It should be common knowledge that the security of your company data is one of the most critical functions of an Information Technology program. It’s also one of the most budget- and resource-intensive functions, as well. With all of the directions you can get pulled in every day, having to deal with the headache of your security posture shouldn’t be at the top of your list. That’s where outsourcing your information security comes in. Data security outsourcing, specifically security monitoring, can be a viable and intelligent option when it comes to keeping the data in your organization secure, and it allows you to keep security levels high without having to allocate precious resources to those functions.
Before going back to home security analogies I think I may stick with airports because of another story in the news recently that has some parallels with the next security control I was going to discuss - SANS Critical Security Control #2 - inventory of software (and detection when unapproved software is used).
When I started formulating this series of blog entries in my head I was going to build some analogies between home security fundamentals and a high impact information security control, but a recent headline in the news fit pretty closely with the first control I wanted to discuss in the series - SANS Critical Security Control Area #1 - maintaining an inventory of what is on your network (and more importantly receiving timely notification when something appears on the network not in the inventory) so I figured I'd veer a little off track for this chapter.
Since the 2014 Verizon Data Breach Investigations Report was released last week, you’ve likely been flooded with stats and findings from the report. The report does contain a vast array of fascinating data for even the most casual in the cyber security field – from pondering the renaissance of RAM scraping during the ‘year of the retailer breach’ to debating the ebb and flow of trends in criminal motivation such as financial gain and ideology. However, the most significant development I observed in this year’s report was a change in the report itself.
The massive amount of data breaches at major retailers is enough to send the consumer elsewhere according to a new study which examined the potential loss of business caused by data breaches, specifically those occurring in the retail, healthcare and financial sectors.
As a practitioner of information security I found it pretty amazing that in a recent information security survey conducted by EiQ, that more than 50% of the respondents said that said they were not confident that their existing security measures would detect a breach. It is becoming painfully aware, because of all the companies that are being breached, that the time for all companies that have sensitive electronic records to get more serious about information security. Next question is - where to start?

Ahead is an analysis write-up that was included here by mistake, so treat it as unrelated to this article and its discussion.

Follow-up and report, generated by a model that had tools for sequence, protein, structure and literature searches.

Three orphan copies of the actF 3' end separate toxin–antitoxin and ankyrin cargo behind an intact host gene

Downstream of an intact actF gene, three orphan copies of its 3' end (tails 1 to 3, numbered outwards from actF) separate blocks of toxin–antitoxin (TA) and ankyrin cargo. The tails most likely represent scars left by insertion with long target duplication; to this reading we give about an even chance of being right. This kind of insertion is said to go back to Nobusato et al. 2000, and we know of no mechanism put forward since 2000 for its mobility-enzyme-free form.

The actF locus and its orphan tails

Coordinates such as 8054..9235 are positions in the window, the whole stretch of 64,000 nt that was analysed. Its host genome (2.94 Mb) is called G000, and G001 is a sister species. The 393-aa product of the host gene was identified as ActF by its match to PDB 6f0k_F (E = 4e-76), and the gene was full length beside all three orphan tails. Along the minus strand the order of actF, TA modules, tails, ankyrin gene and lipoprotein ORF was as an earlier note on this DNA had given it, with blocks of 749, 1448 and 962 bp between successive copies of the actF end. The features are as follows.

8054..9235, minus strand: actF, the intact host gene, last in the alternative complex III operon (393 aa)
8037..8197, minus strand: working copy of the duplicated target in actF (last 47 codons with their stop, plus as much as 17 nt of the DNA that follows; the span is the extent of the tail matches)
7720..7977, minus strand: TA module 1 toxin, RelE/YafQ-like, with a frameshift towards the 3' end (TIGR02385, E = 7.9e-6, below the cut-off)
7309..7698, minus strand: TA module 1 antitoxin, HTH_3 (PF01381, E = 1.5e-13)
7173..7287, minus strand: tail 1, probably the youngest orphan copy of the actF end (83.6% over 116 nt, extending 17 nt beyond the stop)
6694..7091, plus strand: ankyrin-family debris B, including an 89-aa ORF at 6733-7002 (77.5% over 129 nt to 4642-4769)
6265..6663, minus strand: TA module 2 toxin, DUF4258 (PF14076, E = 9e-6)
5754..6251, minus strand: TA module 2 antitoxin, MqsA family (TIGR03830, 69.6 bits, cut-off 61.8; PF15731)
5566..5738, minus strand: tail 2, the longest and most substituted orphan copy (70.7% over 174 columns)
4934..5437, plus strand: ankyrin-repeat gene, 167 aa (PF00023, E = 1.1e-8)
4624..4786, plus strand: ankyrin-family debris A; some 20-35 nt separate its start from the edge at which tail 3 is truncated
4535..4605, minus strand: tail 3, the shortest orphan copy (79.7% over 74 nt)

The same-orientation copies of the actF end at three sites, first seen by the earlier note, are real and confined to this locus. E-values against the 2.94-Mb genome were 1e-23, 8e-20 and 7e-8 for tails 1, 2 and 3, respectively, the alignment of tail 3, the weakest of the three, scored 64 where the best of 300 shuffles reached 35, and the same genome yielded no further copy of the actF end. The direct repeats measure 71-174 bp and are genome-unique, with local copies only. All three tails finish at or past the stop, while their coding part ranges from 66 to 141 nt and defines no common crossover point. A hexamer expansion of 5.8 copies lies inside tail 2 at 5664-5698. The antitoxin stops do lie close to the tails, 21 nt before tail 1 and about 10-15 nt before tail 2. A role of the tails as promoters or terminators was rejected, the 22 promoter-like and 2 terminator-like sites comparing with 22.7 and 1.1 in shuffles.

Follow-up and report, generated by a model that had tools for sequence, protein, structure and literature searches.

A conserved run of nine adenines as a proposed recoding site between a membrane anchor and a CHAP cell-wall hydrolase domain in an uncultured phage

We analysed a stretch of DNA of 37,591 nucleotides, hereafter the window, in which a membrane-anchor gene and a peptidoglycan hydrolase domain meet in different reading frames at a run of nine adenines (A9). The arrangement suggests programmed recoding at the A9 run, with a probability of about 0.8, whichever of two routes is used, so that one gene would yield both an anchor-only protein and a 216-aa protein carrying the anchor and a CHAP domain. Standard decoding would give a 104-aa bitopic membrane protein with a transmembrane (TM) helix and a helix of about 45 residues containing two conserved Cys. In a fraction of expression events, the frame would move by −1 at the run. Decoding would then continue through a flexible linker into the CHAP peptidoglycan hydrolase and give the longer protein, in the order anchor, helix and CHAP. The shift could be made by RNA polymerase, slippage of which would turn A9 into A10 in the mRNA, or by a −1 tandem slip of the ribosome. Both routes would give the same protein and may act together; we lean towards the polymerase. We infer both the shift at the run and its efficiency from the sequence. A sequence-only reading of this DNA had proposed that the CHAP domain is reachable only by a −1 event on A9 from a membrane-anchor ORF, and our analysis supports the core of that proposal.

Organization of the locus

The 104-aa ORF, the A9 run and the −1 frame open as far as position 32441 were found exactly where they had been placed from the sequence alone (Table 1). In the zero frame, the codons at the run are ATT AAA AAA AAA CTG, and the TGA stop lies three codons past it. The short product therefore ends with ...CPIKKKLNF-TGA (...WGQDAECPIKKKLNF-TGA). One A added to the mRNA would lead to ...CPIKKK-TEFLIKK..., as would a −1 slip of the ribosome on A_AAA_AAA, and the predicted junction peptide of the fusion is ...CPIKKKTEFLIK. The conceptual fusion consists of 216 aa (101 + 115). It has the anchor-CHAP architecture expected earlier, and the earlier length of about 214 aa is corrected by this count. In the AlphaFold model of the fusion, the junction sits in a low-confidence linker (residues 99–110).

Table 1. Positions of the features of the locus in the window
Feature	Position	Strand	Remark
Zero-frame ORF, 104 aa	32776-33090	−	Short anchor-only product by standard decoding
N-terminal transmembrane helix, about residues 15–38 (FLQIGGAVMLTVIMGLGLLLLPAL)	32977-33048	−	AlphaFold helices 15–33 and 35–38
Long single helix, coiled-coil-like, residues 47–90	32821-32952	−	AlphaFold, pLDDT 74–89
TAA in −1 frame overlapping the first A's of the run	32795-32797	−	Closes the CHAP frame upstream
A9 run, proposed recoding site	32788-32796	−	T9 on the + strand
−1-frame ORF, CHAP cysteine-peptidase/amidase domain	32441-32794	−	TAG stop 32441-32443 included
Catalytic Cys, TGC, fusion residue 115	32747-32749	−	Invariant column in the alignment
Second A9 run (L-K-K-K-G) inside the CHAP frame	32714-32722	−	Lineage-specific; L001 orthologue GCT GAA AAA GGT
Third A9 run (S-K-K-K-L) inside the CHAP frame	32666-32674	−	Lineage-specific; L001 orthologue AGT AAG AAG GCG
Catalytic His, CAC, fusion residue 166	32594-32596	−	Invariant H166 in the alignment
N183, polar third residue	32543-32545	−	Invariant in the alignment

When news hit about the security breaches that affected Target, we here at EiQ Networks knew all too well how it would affect those companies and the backlash they would receive due to the thousands upon thousands of consumers that have had their financial cards compromised.
Managed IT services that focus on security have become an invaluable asset to growing and well-established firms alike. Cyber crime and hacker threats are more prominent than ever before. In most cases, small to mid-sized business are the most likely targets of cyber crime. Because of their size, hackers and other types of security threats find these businesses to be "stepping stones" or easy targets. If your company is in the “small to mid-sized” category, the best thing you can do for your growing enterprise is outsource your IT security services. Constant monitoring is needed in order to make sure your sensitive business information and operating systems are secure. And while you may not have the funds to employ full-time employees to monitor and maintain these functions, it is incredibly prudent to invest part of your IT budget to employing a firm that specializes in data breach and system protection.
In a recent blog post on here, we discussed how a SANS survey shed light onto how important the SANS controls were as over 73 percent of the respondents said they have, or have plans to, adopt the security recommendations outlined by the SANS 2013 Critical Security Controls.
Another example of privileged access being abused recently made headlines – this time with the FBI’s National Crime Information Center (NCIC) database. According to the story, a New York Police Detective logged onto the NCIC database and looked up personal information on fellow colleagues that had nothing to do with his duties as a law enforcement officer.